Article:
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Technique and condition
In this composition, the paper was given a grey wash, and opaque white gouache mixed with many colours was applied everywhere, to give an appearance almost like oil paint. This conceals the colour of the paper, which is quite likely to be white. The arch has been moved farther to the left, and coloured.
A number of warm-toned and yellow/brown earth colours were used, and the terracotta and buff shades may include Indian yellow, a pigment which Turner used in watercolour occasionally in earlier years, but more rarely by this time. It is recognisable by its golden glow when the sheet is examined in ultraviolet light. The bright blue of the sky could only be achieved with an intense blue pigment such as Prussian blue. The other possibility of cobalt blue can be discounted, because it would have been recognisable in ultraviolet light had it been present.
An X-radiograph was made of the whole sheet, to investigate the gouache. This indicated that for the buildings, cows and people it was made from lead white, not chalk as used by most watercolour artists at this time. Lead white is the very opaque pigment that Turner and all his contemporaries used in oil paint, and he frequently used the full range of pigments that he employed in oil paint, ground in gum water for application to paper. Lead white is so dense that it absorbs X-rays completely, so an X-radiograph of either a painting or a watercolour can reveal the patterns of its use, and can also reveal areas where the artist altered the composition without scraping off the earlier paint completely. That is the reason that a change in the position of the arch is known here, and also the reason that it can be stated confidently that Turner frequently used lead white in gouache, and thereby established a trend which later watercolour artists would follow. The dense gouache is particularly effective when contrasted with the bright blue sky here, and Turner used it regularly for white highlights and sometimes for extensive and key parts of the composition, to achieve a visually similar effect on blue paper for both studies and finished watercolours.
The subject of this coloured study is the eastern end of the Roman Forum. Turner’s viewpoint is just in front of the Colosseum, with his back to the famous amphitheatre, looking west down the Via Sacra. Dominating the left-hand side of the picture is an oblique view of the Arch of Constantine, whilst the foreground object to the right is the Meta Sudans, a conical fountain dating from the first century, demolished by Mussolini in 1936. The perspectival focal point of composition is the Arch of Titus, which stands in the central middle distance with the Temple of Venus and Roma on the right, and the Palatine Hill on the left. Thomas Ashby has identified the tower to the immediate left of the Arch as the Turris Cartularia, a building which once contained the archives of the Church of Rome, but which was demolished in 1828.1 In the far distance is the Capitoline Hill, with the campanile of the Senatorial Palace. The small figurative group in the immediate foreground includes a man driving two cows, a reminder of the nineteenth-century usage of the Forum as a market for livestock which had led the modern appellation of the site as the ‘Campo Vaccino’ (Field of Cattle). Like many drawings within the Rome C. Studies sketchbook, the composition has been executed over a washed grey background. Turner first sketched a rough pencil outline before more fully developing the view in watercolour and gouache.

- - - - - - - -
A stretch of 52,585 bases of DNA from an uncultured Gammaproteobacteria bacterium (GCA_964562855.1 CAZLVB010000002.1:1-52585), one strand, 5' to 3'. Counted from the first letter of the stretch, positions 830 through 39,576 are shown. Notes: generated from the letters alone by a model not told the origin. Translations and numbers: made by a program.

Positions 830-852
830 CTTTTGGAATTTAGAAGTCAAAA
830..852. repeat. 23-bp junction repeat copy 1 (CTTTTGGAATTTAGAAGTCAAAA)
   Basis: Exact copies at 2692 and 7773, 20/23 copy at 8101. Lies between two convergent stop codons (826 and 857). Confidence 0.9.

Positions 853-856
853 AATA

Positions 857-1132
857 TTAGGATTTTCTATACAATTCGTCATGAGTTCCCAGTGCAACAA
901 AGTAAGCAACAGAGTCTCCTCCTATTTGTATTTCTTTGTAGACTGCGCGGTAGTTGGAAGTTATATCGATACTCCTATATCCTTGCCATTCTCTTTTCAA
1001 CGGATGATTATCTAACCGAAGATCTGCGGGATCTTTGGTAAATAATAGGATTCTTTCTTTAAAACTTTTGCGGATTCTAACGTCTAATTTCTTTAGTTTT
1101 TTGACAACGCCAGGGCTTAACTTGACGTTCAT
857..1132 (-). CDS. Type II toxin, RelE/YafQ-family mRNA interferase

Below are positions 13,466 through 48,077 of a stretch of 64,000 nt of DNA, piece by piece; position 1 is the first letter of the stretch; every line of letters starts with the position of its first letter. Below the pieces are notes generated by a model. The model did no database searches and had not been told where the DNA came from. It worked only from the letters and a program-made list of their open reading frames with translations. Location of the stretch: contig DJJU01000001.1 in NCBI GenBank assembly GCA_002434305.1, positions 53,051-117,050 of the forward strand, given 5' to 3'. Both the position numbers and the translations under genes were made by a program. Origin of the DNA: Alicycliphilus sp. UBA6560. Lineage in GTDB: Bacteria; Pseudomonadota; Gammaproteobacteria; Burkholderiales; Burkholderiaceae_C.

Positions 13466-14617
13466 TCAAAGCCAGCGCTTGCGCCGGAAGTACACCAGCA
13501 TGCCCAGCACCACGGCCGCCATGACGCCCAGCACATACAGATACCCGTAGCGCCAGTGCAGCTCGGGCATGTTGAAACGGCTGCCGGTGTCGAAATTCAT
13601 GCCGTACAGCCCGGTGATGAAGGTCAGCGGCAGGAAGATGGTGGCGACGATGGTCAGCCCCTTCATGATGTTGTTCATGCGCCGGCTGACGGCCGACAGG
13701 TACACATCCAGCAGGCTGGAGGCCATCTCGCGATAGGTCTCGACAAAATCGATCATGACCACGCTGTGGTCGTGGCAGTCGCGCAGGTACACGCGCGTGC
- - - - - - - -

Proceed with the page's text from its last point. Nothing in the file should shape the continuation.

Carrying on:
The Forum represented the heart of political, commercial and judicial life in ancient Rome and during his 1819 sojourn in Rome, Turner made numerous sketches of its magnificent buildings and monuments (see for example, the Albano, Nemi, Rome sketchbook, the St Peter’s sketchbook, the Small Roman C. Studies sketchbook, all Tate). The Rome: C. Studies sketchbook contains a number of detailed compositions, some developed in colour, principally featuring views of the eastern end with the Colosseum, and the Arches of Constantine and Titus (see D16351, D16354, D16355, D16365, D16370, D16372, D16375, D16376, D16379, D16389; Turner Bequest CLXXXIX 25, 28, 29, 38, 43, 44, 46, 47, 50, 58). These ideas would later evolve into the large finished oil painting, Forum Romanum, for Mr Soane’s Museum exhibited 1826 (Tate N00504).2